The purpose of a good diet and macro-bros
The older I get, the more I want to eat for health and longevity; for improving the way I feel and function day to day. Performance or aesthetics that leaves health secondary is of no interest to me. And I do believe there is a point at which increased fitness or further cosmetic improvements entail compromised health. (Don’t worry: chances are you haven’t reached that point yet!).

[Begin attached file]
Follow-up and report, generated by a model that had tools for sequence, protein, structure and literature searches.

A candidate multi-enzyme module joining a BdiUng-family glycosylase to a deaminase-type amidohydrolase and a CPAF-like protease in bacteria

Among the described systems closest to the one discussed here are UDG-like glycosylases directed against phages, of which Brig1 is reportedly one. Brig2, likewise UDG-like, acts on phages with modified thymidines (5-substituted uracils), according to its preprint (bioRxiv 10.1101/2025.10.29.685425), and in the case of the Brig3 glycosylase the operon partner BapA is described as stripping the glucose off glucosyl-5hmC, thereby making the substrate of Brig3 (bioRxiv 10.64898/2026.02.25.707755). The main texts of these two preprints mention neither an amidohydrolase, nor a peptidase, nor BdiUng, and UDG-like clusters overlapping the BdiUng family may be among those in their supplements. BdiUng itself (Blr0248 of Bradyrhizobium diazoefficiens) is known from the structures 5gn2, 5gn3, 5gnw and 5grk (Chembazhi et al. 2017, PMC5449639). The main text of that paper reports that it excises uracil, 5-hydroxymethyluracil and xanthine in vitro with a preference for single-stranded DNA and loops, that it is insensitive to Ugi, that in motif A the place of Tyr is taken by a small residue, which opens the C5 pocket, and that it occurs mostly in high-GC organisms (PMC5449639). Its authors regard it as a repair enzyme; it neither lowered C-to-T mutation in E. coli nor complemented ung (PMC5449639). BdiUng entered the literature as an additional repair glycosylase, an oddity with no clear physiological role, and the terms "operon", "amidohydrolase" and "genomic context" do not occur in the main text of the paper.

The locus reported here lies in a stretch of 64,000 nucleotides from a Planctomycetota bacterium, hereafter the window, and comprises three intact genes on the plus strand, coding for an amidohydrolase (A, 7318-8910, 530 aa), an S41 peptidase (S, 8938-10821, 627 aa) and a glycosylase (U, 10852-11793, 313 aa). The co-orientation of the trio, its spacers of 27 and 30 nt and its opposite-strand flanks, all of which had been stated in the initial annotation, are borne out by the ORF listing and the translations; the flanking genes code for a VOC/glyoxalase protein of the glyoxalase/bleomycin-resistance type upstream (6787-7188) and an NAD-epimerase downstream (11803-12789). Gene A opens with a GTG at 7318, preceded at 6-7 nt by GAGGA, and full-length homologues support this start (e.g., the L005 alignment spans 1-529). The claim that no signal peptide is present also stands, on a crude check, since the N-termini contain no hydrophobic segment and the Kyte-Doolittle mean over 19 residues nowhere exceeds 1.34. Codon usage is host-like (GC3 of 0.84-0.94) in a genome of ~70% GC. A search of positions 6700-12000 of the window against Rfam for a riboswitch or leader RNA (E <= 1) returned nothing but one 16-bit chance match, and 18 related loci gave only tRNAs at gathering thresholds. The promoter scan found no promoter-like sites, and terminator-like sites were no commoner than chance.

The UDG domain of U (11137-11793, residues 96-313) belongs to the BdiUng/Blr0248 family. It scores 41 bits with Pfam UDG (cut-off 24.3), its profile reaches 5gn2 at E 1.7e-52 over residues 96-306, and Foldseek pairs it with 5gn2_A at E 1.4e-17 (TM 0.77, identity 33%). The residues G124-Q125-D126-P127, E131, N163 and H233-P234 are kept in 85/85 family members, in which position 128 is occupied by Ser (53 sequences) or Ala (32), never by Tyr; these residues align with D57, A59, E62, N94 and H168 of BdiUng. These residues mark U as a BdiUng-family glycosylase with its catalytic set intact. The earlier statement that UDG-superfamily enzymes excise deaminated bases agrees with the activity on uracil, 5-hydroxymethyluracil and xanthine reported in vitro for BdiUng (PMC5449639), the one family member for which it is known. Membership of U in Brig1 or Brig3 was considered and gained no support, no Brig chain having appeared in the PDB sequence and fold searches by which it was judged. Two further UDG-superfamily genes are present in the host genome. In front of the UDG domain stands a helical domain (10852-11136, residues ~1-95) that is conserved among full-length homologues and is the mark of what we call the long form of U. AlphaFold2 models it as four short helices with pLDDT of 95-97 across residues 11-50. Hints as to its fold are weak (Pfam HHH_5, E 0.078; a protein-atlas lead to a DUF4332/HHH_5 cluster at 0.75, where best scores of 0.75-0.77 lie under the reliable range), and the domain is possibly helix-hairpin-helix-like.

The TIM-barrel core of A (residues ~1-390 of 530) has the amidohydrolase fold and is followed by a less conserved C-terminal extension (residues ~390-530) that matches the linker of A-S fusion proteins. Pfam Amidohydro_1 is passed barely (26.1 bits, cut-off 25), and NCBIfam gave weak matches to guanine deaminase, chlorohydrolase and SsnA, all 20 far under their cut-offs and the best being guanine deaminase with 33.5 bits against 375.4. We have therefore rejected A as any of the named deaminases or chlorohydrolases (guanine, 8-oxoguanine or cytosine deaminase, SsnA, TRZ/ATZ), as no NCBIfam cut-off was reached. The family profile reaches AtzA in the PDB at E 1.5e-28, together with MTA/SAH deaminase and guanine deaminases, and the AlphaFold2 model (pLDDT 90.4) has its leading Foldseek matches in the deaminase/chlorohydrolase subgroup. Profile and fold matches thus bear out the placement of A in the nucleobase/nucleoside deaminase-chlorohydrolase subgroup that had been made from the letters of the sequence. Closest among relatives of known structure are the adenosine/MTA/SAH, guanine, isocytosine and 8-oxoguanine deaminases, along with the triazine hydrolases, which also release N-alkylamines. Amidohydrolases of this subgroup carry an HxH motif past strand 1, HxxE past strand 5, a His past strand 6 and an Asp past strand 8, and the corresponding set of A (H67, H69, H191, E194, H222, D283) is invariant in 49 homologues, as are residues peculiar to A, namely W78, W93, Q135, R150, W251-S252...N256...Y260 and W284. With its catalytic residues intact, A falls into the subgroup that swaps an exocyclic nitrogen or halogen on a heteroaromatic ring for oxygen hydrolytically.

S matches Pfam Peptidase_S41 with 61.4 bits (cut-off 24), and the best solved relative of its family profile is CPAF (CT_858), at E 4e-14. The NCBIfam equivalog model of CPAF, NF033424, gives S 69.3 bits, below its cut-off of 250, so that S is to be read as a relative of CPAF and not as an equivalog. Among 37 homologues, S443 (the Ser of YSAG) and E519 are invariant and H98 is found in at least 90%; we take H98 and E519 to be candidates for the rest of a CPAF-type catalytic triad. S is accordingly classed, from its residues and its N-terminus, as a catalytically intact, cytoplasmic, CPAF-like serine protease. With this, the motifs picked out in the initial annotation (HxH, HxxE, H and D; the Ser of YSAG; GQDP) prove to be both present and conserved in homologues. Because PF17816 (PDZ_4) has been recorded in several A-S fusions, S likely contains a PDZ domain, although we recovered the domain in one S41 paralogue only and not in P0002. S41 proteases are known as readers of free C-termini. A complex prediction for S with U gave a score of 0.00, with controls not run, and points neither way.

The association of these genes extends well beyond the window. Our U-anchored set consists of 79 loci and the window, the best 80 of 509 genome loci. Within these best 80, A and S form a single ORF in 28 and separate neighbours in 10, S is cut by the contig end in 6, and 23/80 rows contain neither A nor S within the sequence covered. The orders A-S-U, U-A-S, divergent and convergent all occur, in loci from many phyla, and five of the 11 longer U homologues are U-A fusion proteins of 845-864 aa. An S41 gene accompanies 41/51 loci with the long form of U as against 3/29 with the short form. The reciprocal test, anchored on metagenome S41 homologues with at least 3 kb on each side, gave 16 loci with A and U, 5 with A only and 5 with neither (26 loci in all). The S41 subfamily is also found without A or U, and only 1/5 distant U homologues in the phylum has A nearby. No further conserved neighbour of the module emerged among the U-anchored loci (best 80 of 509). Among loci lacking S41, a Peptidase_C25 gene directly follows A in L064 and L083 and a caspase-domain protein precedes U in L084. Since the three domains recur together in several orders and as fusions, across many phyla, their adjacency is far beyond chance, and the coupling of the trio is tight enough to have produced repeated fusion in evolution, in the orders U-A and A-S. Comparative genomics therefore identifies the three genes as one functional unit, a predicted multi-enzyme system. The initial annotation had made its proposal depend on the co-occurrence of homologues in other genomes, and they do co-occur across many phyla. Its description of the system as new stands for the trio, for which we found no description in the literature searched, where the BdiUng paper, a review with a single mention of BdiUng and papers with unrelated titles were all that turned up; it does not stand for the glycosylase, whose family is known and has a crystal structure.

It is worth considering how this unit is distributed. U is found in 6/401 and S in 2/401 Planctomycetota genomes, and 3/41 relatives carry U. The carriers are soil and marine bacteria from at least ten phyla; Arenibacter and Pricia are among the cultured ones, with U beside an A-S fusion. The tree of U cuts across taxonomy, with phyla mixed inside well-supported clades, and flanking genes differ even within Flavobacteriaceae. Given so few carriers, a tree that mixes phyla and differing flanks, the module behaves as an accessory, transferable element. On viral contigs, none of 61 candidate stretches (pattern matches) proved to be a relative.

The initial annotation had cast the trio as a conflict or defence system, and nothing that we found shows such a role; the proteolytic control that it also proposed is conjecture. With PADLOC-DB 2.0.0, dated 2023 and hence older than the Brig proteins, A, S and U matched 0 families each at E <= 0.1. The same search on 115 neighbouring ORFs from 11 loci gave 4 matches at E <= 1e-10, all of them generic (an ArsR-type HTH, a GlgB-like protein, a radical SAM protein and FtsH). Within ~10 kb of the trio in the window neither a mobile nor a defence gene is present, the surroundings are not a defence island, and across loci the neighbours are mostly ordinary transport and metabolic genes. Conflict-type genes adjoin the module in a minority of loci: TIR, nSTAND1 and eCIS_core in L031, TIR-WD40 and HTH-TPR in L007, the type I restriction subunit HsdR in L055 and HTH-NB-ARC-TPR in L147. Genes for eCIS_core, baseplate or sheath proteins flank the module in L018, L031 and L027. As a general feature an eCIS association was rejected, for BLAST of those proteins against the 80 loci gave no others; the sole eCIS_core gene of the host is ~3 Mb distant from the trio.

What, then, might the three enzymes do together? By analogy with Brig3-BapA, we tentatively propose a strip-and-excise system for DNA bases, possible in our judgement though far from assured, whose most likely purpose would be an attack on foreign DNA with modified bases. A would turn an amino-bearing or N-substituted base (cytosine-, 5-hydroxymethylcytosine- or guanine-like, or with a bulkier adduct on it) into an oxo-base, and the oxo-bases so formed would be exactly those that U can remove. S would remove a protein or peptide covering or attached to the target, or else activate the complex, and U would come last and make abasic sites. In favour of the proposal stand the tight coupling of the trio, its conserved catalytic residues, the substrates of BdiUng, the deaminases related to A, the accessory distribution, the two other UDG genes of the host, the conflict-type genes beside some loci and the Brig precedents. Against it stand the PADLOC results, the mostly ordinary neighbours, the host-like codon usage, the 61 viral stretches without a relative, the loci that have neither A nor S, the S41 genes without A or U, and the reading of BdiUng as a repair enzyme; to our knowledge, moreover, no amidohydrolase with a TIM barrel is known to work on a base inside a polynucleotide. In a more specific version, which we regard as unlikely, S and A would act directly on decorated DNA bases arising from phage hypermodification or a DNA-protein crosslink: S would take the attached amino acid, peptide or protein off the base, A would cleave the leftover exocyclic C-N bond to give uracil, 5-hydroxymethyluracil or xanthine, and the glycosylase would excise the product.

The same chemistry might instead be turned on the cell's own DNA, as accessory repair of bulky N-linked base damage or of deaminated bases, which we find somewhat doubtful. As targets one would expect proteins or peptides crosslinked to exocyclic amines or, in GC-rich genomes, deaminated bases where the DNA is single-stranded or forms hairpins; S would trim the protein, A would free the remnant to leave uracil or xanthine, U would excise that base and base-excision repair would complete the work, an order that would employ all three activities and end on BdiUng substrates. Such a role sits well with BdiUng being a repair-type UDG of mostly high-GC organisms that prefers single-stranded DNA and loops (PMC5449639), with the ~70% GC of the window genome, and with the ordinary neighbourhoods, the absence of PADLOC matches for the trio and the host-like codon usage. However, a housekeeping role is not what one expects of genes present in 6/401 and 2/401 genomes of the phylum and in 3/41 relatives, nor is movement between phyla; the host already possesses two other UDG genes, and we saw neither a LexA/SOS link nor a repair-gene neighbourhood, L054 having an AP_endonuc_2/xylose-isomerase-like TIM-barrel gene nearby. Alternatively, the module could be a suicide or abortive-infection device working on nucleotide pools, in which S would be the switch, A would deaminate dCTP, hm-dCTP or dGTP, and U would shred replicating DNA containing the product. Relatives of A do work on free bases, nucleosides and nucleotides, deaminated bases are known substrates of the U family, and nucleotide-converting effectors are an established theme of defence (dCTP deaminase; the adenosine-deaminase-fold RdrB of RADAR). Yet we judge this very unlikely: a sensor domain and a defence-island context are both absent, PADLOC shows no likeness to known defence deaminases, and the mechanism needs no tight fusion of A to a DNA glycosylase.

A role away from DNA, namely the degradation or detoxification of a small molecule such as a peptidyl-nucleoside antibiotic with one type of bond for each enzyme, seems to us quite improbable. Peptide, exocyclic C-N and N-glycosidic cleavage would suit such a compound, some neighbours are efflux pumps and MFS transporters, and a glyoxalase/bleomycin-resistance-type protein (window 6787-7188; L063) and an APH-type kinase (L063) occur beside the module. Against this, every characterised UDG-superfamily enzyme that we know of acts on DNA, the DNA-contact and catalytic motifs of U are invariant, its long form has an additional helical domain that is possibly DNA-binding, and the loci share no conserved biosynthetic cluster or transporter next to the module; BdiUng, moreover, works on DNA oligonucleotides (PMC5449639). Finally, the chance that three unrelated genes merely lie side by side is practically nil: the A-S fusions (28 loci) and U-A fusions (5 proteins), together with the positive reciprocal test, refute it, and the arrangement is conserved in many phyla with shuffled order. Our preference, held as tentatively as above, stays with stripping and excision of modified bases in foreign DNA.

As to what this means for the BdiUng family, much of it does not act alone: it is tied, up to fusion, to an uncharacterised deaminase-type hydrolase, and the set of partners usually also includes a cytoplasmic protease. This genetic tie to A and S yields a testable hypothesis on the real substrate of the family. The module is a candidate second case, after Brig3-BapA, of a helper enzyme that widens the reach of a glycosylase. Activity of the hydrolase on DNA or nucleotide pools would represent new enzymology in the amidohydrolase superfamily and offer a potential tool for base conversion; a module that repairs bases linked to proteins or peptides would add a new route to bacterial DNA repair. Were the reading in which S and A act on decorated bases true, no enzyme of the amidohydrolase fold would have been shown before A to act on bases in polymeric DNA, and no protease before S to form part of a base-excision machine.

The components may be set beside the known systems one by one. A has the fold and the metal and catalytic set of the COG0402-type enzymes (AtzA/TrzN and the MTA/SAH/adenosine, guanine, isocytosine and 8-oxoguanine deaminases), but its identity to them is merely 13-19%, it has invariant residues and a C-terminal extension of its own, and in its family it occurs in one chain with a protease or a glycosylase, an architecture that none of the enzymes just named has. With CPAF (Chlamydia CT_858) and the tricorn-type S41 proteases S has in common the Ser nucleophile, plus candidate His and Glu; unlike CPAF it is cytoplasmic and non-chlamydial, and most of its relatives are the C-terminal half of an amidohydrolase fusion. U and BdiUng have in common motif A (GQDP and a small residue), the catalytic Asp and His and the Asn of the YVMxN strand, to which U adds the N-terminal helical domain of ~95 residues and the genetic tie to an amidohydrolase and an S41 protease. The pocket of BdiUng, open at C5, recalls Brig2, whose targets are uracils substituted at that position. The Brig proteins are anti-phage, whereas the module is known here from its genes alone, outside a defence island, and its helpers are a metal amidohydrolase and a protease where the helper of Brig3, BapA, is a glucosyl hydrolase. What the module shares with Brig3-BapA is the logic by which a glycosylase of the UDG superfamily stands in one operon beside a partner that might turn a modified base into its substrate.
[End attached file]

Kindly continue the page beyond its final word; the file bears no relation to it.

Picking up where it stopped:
I’m becoming increasingly impatient with all the excitement about tracking and targeting macros (macros being macronutrients: carbohydrate, protein, fat). I don’t care how dialled-in your macros are, if your micros are off-piste you’re digging yourself a hole and leaving huge potential benefits on the table. Different macronutrient splits may work better or worse for you but evidence suggests that you can give your body the energy it needs with a huge range of combinations. People have thrived on high fat diets, high carbohydrate diets, high and low protein diets. All of which is to say that your macro breakdown and indeed your calorie intake are not the most important factors in your diet. The quality of the food you are eating, the micronutrient content, the density of other health protecting compounds, the diversity and quantity of vegetables and fruits you are eating: these are the critical criteria by which a diet should be measured. And this holds, in my opinion, even if fat-loss is your primary goal.